But I do have the right to my opinion, and my opinion is that violence is NEVER the best way to resolve conflict no matter who you are or what position you hold.

Sometimes violence is an emotional reaction, sometimes it’s an expression of power and sometimes, in very, very rare situations, it is the only feasible response. But when there is violence, there is always pain, there is often loss, but there is never any peace.

And, as the brilliant Albert Einstein, who fled Germany in 1931 when Adolf Hitler took power, once said, “Peace cannot be kept by force; it can only be achieved by understanding.”

I can only hope we can learn from his wisdom. soon. No mom should have to watch her son riot on television just as no mom should have to attend the funeral of a son who died in police custody. There’s no easy answer, but there is  a place to start.

To me, that place is home.

 Trina Bartlett lives with her husband, Giles Snyder, their teenage son and daughter, two cats and one enormous German Shepherd. When she’s not being a mom, volunteering, writing, biking or walking the giant German Shepherd, Trina works full time as a director at a nonprofit, social service organization.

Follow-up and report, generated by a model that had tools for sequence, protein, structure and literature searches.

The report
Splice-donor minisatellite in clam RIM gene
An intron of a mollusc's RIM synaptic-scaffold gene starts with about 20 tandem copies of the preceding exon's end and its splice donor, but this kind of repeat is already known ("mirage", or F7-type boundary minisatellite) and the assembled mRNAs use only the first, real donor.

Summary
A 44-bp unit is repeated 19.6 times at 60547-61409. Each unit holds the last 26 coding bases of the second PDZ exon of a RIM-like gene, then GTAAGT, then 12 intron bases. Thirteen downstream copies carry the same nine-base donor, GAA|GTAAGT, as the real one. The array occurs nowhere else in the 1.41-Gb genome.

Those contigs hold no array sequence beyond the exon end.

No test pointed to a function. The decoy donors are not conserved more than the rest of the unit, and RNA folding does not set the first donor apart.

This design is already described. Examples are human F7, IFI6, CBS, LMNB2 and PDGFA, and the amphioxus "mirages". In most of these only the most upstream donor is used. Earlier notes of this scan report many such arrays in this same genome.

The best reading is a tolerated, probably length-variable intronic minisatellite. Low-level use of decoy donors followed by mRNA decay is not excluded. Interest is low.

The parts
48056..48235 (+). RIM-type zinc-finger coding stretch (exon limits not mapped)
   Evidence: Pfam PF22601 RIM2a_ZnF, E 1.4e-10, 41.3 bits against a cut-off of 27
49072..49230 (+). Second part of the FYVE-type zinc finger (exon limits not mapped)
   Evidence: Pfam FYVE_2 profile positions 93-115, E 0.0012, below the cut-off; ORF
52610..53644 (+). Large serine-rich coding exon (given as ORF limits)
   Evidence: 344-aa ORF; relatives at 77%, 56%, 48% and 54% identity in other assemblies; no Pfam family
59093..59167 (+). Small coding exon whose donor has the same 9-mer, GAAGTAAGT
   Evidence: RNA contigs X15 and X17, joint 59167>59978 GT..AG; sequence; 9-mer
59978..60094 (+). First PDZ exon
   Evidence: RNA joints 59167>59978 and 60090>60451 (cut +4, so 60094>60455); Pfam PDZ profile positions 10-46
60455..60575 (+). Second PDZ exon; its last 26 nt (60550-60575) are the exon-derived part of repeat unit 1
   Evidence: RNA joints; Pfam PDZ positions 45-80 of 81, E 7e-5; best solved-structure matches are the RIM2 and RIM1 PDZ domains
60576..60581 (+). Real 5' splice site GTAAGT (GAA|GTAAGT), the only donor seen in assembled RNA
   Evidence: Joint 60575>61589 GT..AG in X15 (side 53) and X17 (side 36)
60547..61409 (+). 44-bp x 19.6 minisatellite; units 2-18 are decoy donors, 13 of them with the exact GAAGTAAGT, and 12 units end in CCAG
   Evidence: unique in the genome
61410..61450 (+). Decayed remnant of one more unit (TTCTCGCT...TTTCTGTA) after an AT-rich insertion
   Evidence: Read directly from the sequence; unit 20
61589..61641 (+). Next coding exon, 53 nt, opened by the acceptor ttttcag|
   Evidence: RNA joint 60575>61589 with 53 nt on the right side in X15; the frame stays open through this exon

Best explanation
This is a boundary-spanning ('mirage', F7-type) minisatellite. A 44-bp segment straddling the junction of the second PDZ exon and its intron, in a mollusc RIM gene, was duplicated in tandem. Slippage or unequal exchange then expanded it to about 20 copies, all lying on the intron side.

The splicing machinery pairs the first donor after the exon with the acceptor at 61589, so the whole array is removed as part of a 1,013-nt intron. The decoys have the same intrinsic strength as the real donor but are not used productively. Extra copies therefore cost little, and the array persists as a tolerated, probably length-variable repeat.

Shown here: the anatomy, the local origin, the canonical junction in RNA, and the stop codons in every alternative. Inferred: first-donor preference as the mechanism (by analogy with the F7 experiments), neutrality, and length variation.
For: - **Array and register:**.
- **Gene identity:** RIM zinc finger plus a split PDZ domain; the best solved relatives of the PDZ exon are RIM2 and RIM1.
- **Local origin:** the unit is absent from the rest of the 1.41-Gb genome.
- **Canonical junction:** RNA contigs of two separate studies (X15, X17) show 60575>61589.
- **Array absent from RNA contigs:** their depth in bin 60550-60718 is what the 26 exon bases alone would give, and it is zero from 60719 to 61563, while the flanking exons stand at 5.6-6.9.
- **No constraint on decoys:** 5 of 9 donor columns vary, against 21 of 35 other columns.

Where I Come From

Friday, April 10, 2015
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past-present-futureAt some point during my formative years, I began asking “where did I come from?”

I wasn’t curious about biology and human reproduction. Well, that’s not exactly true. I was curious about biology and human reproduction, but I was even more curious about my family history.

Perhaps my interest was piqued by peers who proclaimed they were descendants of famous historical figures. I was convinced that my family tree was a common Elm while everyone else’s was a Giant Sequoia.

All these years later, I’m inclined to think my classmates had active imaginations and an innate ability to stretch the truth. But at the at the time, I just wanted to be related to someone famous.

“Your great-grandmother was a Houston, and you’re related to Sam Houston,” my mother told me. That wasn’t a lie. I am related to Sam Houston. I’m just not related to THE Sam Houston. My pedigree, or lack of it, had been confirmed. I was a mutt.

Decades later, before the birth of my son, my interest in family history was renewed.

There is something about babies that binds us to our past. We realize that our existence is completely dependent on previous generations and that we will forever be connected to people we never met.

As I began to pursue my family’s history, so did my husband, although he had an unfair advantage.